When your business reaches the million-dollar revenue mark, it’s a milestone to be celebrated. While it's fine to enjoy your moment in the spotlight, keep in mind that many unforeseen dangers lie ahead. The first million may have been hard, but the second million could kill your business.
Don't Forget Where You Came From
When you’re starting from zero and trying to build your business, 100 percent of your effort, energy and creativity are focused on growth: Acquiring new customers, closing on investments, hiring new employees—everything is about more. But after you start to experience growth and reach a key milestone, like the million-dollar mark, conditions change. It’s no longer just about acquiring more; it’s about taking care of what you have already built.
If you just focus on growth, then current operations, angel investors, existing staff and original customers can suffer. The cash that allows you to acquire new business likely comes from your existing operations and original stakeholders. Failing to make sure they are taken care of means you could lose what you have already achieved and cut yourself off from the resources that can allow you to grow.
Be Honest About Your Skills and Capabilities
Being an entrepreneur is all about building something from nothing. This requires creativity, tenacity, discipline, work ethic, self-confidence and resilience. Not everyone is cut out for it. But successful entrepreneurs who are aiming for that second million in sales logically rely on the same skills and capabilities that helped them achieve the first million.
The problem is that this usually doesn’t work. Achieving sustainable growth within an existing organization requires discipline, structure, processes, a greater focus on operations and a careful eye on finance. While there are always exceptions, many times the same person who makes a good entrepreneur doesn’t necessarily make a good manager. You don’t have to walk away entirely; but definitely consider hiring a very strong operations executive and a finance person. Let them complement you.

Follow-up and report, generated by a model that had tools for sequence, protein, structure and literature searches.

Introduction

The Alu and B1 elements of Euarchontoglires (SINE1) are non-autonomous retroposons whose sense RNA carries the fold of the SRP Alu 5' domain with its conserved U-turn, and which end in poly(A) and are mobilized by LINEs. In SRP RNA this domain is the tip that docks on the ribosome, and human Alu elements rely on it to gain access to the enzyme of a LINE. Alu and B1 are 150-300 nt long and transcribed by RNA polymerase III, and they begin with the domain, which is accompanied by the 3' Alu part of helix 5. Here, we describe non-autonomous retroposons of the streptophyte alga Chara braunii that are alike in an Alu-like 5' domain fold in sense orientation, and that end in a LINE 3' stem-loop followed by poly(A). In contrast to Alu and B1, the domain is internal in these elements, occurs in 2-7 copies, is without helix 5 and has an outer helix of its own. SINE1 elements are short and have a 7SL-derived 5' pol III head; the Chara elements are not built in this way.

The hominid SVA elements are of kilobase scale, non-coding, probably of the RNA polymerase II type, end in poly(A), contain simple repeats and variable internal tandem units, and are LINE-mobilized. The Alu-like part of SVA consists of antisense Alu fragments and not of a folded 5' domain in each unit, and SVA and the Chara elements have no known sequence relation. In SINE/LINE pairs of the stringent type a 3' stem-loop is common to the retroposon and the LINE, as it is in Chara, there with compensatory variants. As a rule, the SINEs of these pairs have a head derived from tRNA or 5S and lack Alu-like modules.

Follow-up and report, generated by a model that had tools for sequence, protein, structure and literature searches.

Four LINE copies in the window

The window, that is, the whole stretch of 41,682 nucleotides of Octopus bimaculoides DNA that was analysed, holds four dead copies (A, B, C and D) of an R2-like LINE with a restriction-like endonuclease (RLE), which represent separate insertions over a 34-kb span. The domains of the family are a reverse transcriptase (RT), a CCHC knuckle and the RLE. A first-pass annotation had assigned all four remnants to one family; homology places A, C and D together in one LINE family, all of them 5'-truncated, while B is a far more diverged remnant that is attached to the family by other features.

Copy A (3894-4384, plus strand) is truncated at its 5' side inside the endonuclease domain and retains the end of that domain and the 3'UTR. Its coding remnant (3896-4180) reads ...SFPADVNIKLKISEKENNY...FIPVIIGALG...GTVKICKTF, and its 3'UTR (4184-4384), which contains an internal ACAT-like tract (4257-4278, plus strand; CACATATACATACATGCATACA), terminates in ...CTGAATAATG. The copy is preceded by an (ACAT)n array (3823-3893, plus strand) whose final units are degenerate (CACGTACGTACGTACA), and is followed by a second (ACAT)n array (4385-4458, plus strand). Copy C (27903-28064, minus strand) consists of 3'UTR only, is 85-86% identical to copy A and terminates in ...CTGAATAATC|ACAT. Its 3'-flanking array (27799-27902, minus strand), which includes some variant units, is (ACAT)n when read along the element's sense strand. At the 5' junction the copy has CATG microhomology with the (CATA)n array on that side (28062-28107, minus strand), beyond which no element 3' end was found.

Build a Safety Margin
Small business means small problems; big business means big problems. Entrepreneurs and startups have to continually self-correct. You adapt to the realities of your market, environmental changes and customer preferences. Very few startups get their business models and products right from the beginning. Usually by the time it reaches its first million, the company has changed so much that it may not be recognizable! This type of rapid change is entirely feasible within a small business. Only a few people need to change, and updating your product or service can be done with a certain level of informality since your entire company may consist of only two people and a few computers.
But when you have dozens of employees, hundreds of customers, a public reputation and high-value fixed assets, making big changes can be costly. Before making a change you need to map out how to make the change, how to communicate it to stakeholders and, most importantly, how much it will cost.
The Risks Are Much Higher
For these reasons, it’s important to have several safety margins. Have a cash safety margin to ensure that you can afford to cover all the costs related to a major change like rebranding, product redevelopment, moving locations or price restructuring. Also have a “reputational safety margin” in place. This will allow you to maintain your credibility despite having to make major changes in a highly visible way.
Congratulations on reaching that first big milestone in business. You have already made it further than most. But don’t limit your true potential by failing to recognize that you need to adapt to see that second million.
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